I’ve only missed a couple of GBBF’s since they first moved to central London in 1991, so I make this my twenty third GBBF and the fifth I’ve reported here at The Brewclub since 2008.
The years I didn’t report were disappointments, I was unable to attend midweek and the range of beers available on the final days were sadly lacking. As my old mother used to say, “if you can’t say anything nice…”.
Back to this year, while I considered repeating last year’s ‘early doors’ triumph of getting the very first pint of Landlord poured at the festival, I had been invited to join Truemans (brewers of the rather wonderful London Keeper and 1883 Pale Ale) who were hosting a ‘beer and bagels breakfast’ bash in on a rooftop patio just around the corner. I bumped into Steve Williams – the ‘Beer Justice‘ – which was great, our paths haven’t crossed for a few years and it’s always good to catch up over a beer.
I entered the festival just after mid-day and, in a break from my personal tradition, encouraged by my companion, started with Jaipur instead of Landlord.
That set the tone for the day, which consisted mostly sampling light ‘golden’ ales of varying strengths, mostly from my old stamping ground of Chesterfield and north Derbyshire.
Oh, and ‘Four Swords’ a quadruple Belgian red style beer from Deep Ellum Brewing Company in Dallas. I’d enjoyed it at the previous evening’s British Guild of Beer Writers bash and sought it out. It’s brewed to a frankly scary 10.5% ABV but it’s rich, reminiscent of the beers of Westmalle or Rodenbach, and aged in casks that had previously held Cabernet Sauvignon wine. I will try and find a bottle for a more objective review, but in the meantime, if you see a bottle, grab it!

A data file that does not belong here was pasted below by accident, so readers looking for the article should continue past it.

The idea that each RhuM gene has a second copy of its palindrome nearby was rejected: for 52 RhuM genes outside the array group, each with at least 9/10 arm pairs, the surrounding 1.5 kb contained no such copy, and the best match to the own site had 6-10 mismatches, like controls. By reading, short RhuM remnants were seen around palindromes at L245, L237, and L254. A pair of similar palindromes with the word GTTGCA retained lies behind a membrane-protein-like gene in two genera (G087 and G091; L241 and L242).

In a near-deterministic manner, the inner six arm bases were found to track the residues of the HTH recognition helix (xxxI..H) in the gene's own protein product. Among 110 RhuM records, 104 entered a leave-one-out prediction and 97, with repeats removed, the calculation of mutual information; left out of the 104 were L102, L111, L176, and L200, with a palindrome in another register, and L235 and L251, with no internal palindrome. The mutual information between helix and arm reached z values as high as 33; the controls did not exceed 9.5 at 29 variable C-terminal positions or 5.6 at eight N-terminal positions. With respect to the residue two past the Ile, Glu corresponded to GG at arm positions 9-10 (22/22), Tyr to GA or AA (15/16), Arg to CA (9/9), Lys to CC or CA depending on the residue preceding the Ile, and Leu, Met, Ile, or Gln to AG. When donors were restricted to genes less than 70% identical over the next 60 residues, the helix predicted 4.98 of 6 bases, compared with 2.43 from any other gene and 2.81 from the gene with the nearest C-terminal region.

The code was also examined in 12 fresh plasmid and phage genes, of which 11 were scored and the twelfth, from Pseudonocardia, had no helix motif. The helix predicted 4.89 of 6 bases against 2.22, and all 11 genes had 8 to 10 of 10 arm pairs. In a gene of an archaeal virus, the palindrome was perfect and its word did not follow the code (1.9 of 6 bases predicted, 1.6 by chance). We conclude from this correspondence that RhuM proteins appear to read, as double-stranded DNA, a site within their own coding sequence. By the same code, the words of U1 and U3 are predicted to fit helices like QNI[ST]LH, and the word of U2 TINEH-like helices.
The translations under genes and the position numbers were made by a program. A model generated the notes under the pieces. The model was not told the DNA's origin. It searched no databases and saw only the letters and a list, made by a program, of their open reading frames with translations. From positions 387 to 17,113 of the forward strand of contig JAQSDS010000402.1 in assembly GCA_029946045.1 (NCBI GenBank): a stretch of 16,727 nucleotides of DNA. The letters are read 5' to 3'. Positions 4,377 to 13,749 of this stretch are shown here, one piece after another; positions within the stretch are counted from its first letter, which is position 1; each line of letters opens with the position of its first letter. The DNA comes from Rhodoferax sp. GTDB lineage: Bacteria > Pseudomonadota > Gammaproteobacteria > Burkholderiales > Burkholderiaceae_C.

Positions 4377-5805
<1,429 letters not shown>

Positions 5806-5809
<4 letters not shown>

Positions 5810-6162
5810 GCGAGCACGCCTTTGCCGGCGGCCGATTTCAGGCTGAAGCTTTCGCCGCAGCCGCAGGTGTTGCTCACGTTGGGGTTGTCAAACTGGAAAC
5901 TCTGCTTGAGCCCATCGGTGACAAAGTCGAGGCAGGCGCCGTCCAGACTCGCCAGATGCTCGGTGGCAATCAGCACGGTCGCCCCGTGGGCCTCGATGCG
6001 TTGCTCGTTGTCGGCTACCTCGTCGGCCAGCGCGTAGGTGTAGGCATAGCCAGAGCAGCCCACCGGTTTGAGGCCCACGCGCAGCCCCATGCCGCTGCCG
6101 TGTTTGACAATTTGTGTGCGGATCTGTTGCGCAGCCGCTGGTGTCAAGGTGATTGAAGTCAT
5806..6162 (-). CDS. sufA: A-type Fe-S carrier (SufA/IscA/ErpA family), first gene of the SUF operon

I finished the day with another pint of Jaipur, it’s available on draught so infrequently locally I simply couldn’t resist.
Elsewhere, Pete Brown (author of the excellent ‘Shakespeare’s Pub‘ and one of my favourite beer writers) was signing copies of his new book, so I joined the queue for that.
I’ll review the book in due course here at The Brewclub, but on first sight Pete appears to need educating in the better pubs of Essex as he only lists one, I’ll offer my services.
In another break with tradition, CAMRA announced the champion beers at a reception at a nearby hotel on the evening of the ‘trade day’ rather than mid-afternoon. The announcements used to generate instant queues for the winning beers.
The champion beer of Britain was announced as Bingham’s Vanilla Stout, brewed in Berkshire. And my local brewery – Wibblers – won Champion Stout of Britain for their Crafty Stoat. I guess that’s another brew for the shopping list.